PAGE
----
1880 S Dairy Ashford Rd, Suite 650, Houston, TX 77077

How To Know If A Company Or Job is Right For You

It’s all too simple to become preoccupied with what a potential employer might think of you while you’re seeking work. Can you think critically? Do you possess the necessary experience? Will you contribute significantly to the business dodgeball team?

It’s simple to overlook the fact that the job search is essentially a two-way street in the flurry of self-examination. Finding a company that you don’t like is just as crucial for you as finding a company that you like.

Fortunately, most hiring managers provide you with a number of hints about what it might be like to work for them during the application process (and occasionally even a few red flags).

Here’s what you should be looking out for when applying for a company.

Use LinkedIn To Gain Information About The Company

According to Jack Sobel, a business owner and philanthropist at RMBH Charities: “Examining LinkedIn material is a helpful trick to determine whether or not a firm is actually doing what they say. By using the “Content” tab during a LinkedIn search rather than the usual one, you may find current information about a company.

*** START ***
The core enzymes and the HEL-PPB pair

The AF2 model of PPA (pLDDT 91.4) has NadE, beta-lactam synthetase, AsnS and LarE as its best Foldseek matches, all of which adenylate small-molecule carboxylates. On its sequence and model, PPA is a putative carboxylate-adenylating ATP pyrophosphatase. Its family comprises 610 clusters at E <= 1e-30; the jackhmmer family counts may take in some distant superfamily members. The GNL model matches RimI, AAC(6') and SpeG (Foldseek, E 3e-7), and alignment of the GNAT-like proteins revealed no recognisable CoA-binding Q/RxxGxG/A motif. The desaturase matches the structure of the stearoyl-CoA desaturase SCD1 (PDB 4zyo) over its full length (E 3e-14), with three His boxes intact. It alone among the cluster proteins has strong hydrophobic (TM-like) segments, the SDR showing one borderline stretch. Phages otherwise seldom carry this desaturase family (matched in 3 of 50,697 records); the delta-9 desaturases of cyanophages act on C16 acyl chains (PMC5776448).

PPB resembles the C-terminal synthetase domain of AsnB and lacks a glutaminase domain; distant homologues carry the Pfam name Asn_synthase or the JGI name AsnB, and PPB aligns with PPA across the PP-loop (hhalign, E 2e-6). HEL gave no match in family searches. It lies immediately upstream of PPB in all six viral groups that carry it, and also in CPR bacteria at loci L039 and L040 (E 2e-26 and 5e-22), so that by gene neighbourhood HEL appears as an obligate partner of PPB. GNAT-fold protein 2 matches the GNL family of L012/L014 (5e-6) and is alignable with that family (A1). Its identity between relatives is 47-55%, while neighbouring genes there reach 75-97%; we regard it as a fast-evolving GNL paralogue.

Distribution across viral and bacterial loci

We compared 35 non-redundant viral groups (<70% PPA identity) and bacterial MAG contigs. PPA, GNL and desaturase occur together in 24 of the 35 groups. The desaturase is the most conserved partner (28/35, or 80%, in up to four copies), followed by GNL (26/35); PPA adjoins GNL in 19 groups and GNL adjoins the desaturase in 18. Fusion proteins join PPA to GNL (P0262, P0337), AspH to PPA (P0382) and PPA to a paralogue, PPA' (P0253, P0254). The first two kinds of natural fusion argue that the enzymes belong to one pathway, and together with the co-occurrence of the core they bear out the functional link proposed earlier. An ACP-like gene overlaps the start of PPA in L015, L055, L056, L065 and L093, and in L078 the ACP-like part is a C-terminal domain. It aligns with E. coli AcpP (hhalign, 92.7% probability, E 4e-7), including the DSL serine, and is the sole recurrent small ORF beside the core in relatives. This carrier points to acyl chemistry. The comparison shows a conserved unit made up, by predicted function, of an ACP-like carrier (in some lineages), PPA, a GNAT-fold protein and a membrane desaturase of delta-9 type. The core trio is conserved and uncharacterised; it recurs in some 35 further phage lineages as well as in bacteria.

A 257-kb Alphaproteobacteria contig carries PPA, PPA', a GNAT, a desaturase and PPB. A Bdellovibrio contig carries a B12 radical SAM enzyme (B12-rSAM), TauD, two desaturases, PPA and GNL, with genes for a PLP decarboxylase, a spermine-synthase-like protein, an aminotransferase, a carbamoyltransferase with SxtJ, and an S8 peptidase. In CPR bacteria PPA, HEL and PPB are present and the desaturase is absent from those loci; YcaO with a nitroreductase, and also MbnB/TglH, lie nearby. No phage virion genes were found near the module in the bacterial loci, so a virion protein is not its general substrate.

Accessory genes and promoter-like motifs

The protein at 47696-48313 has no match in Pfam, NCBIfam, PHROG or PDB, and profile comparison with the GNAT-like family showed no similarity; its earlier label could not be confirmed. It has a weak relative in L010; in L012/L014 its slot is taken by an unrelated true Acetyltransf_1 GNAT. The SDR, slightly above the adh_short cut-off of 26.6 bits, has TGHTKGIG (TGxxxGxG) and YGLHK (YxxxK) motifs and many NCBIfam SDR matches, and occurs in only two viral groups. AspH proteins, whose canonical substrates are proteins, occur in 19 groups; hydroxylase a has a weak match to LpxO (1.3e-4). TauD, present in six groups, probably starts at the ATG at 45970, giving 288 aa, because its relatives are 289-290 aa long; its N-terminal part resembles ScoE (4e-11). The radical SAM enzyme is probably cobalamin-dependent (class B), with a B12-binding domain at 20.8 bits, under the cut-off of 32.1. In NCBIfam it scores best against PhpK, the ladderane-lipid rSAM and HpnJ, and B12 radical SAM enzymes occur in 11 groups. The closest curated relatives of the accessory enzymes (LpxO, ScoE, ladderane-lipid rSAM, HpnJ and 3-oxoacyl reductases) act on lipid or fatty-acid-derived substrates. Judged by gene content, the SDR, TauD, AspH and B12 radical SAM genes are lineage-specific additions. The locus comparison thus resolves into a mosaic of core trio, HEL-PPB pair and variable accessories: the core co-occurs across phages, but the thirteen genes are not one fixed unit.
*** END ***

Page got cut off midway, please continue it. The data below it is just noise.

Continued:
Using this, you may go through many entries to learn more about the business or its personnel. You can examine how the business is being mentioned online as well as what its present workers are writing about.

You may learn as much as you can from actual individuals who are displaying and showcasing what it’s like to work at that specific organization in real-time. Obviously, if a smaller company doesn’t have a lot of loud employees, this won’t work for them.

However, it’s a really interesting method to see who is truly applauding and honoring their companies and the work they’re doing.”

Study the corporate culture

Sam Underwood, owner of Bingo Card Creator recommends; “Use Google and conduct some research. Look up whatever you can find, including press releases, news items, and articles. You should find much to read about and ponder over if you simply Google the company name.

You may also think about using social media platforms like Facebook groups, Reddit threads, or already-existing forums to crowdsource.

For instance, I’m aware that eBay has a Life at eBay career account on Instagram where they display what goes on in the office behind the scenes. They include the tasks that staff is completing, their current projects, and other information. It’s just a fantastic approach for them to engage their stakeholders.”

Informational interviews: Getting First-Hand Knowledge

Sam continues; “Informational interviews and real conversations with former and present workers are incomparable.

Alternatively, if you are unable to communicate with any workers of the specific firms you are applying to, you may always begin conversing with people who work for organizations that are comparable to the ones you are pursuing.

You can discuss your priorities and the kinds of businesses you’d like to work with. Start gathering opinions, suggestions, or insights about certain business procedures. You may even inquire, “Have you thought about working for this company?”